Have We Become Deaf and Blind to Hate?

We've made a sacrament of freedom of expression, no matter how heinous. But letting hate speech thrive leads to innocent dead children like Trayvon Martin

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Mary Altaffer / AP

Demonstrators chant Trayvon Martin's name during the Million Hoodie March in Union Square, New York City, on March 21, 2012

The “guns don’t kill people, people kill people” argument applies to words too. We can’t pin the actions of George Zimmerman, the Florida crime-watch volunteer who shot and killed 17-year-old Trayvon Martin for the crime, essentially, of walking while black in a gated community, on politicians, pundits and pastors who stoke fear and hatred of racial, ethnic or religious outsiders.

But still.

These are ugly times, a combination of historical circumstances — the election of our first African-American President, the cataclysm of the worst economic downturn since the Great Depression — having greatly inflamed anger, resentment, distrust and out-and-out paranoia among the parts of our population most vulnerable to racist and nativist appeals. Add to this the freedom from shame granted to those who peddle and purchase hatred on the Internet and a right-wing media culture that runs on hotheaded outrage, and you have a perfect storm of conditions in which sentiments once deemed socially unacceptable can be redeemed as a push back against what’s “politically correct” (as Newt Gingrich put it in the South Carolina debate when he defended his description of Barack Obama as the “food-stamp President”).

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We’ve made a sacrament of freedom of expression — no matter how heinous — along with our freedom to own and shoot guns, but right now the presumption of reasonableness and responsibility that accompany those rights has been sorely tested. The margin of permissibility for gun bearing and hate spewing has been so grossly radicalized that since the passage of their state’s 2005 “stand your ground” law, it’s been legal for Floridians to “shoot first” anytime, anywhere that they believe themselves or others to be in great danger or when they suspect a violent felony is going to be committed.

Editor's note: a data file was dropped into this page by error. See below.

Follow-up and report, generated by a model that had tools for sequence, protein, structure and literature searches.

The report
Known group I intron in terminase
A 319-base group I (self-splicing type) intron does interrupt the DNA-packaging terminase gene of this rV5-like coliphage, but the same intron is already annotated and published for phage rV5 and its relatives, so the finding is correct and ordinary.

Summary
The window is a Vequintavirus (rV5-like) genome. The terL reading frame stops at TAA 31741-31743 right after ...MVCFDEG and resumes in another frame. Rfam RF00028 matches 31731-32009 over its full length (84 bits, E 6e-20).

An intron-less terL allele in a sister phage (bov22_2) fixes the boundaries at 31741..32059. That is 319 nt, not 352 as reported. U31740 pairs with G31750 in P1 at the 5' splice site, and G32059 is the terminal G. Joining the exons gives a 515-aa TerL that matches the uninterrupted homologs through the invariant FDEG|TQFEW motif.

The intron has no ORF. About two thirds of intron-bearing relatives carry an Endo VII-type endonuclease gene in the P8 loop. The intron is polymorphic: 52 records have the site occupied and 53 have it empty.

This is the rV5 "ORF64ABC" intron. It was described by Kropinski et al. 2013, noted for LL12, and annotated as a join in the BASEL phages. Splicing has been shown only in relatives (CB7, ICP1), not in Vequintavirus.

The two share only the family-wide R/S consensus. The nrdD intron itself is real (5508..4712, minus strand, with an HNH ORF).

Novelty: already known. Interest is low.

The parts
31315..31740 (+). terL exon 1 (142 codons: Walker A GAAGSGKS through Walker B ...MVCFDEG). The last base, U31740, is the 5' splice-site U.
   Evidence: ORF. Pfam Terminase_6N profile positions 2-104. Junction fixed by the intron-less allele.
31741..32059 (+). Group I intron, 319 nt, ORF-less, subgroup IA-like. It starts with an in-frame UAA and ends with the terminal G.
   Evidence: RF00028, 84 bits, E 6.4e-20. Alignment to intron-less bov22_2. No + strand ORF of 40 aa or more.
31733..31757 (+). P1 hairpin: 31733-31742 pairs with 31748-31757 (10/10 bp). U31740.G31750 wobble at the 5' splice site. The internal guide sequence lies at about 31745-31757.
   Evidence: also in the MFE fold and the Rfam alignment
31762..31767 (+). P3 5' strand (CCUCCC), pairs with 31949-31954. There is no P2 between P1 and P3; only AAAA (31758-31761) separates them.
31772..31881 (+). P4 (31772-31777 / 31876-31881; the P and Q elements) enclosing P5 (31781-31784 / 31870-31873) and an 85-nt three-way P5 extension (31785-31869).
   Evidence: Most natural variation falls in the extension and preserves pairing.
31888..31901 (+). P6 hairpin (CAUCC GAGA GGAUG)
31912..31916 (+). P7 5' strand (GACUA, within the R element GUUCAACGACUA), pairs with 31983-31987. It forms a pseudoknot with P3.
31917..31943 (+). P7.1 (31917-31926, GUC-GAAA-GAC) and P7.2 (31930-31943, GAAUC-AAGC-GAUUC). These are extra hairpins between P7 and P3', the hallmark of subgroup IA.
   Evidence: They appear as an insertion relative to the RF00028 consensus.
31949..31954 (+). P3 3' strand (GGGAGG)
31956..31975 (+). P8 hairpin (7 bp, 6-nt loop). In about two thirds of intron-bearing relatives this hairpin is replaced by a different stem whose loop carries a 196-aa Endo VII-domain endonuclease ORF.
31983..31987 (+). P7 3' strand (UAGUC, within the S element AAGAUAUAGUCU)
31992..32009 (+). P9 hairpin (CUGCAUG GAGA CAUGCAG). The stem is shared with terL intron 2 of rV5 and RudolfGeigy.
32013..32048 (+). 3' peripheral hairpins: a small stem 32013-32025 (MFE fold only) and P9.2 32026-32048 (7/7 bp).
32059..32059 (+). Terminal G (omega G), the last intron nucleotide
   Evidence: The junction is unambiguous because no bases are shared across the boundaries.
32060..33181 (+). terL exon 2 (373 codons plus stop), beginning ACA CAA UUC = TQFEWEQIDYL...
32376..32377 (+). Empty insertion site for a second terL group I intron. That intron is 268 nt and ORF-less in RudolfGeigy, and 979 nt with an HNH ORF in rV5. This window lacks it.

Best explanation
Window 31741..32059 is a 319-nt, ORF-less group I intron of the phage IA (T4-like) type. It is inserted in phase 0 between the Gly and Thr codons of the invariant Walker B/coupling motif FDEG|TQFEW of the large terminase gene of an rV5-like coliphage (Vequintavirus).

And this week, it was possible for former Senator Rick Santorum, on the campaign trail in Baton Rouge, La., to allow himself to be blessed by a pastor who’d just screamed that anyone who didn’t share his vision of America as a “Christian nation” should just “get out!”

“We don’t worship Buddha, we don’t worship Muhammad, we don’t worship Allah, we worship God,” Greenwell Springs Baptist Church Pastor Dennis Terry shouted. “We worship God’s son, Jesus Christ.”

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Santorum defended himself by essentially saying he’d spaced out on the more problematic moments in the speech. “I wasn’t quite listening to everything,” he told reporters, and, in all fairness, video of the event does show him looking less than spellbound. Problem is, though, there are a lot of other people who pay rapt attention when prominent speakers preach hate. And when you get the explosive combination of exposure to hate speech, access to guns and mental unbalance, you are almost fated to have fatalities. (“Halfway between the lunatic and the terrorist” is the phrase a French intelligence expert used this week to describe Mohammed Merah, the Toulouse man believed to have shot three French soldiers, three Jewish children and a rabbi in southwestern France in recent days.)

In any country, at any time, unfortunately, there will be a certain population of people whose views and mental soundness border on lunacy. At times of stress — and economic conditions in the U.S. in the past few years have certainly led to toxic levels of stress — these people can come unhinged. Make guns available to them, let hate speech thrive uncondemned all around them, and you get Trayvon Martin, armed with Skittles, dead in the street.

PHOTOSTrayvon Martin’s Death Sparks National Outrage, Mourning

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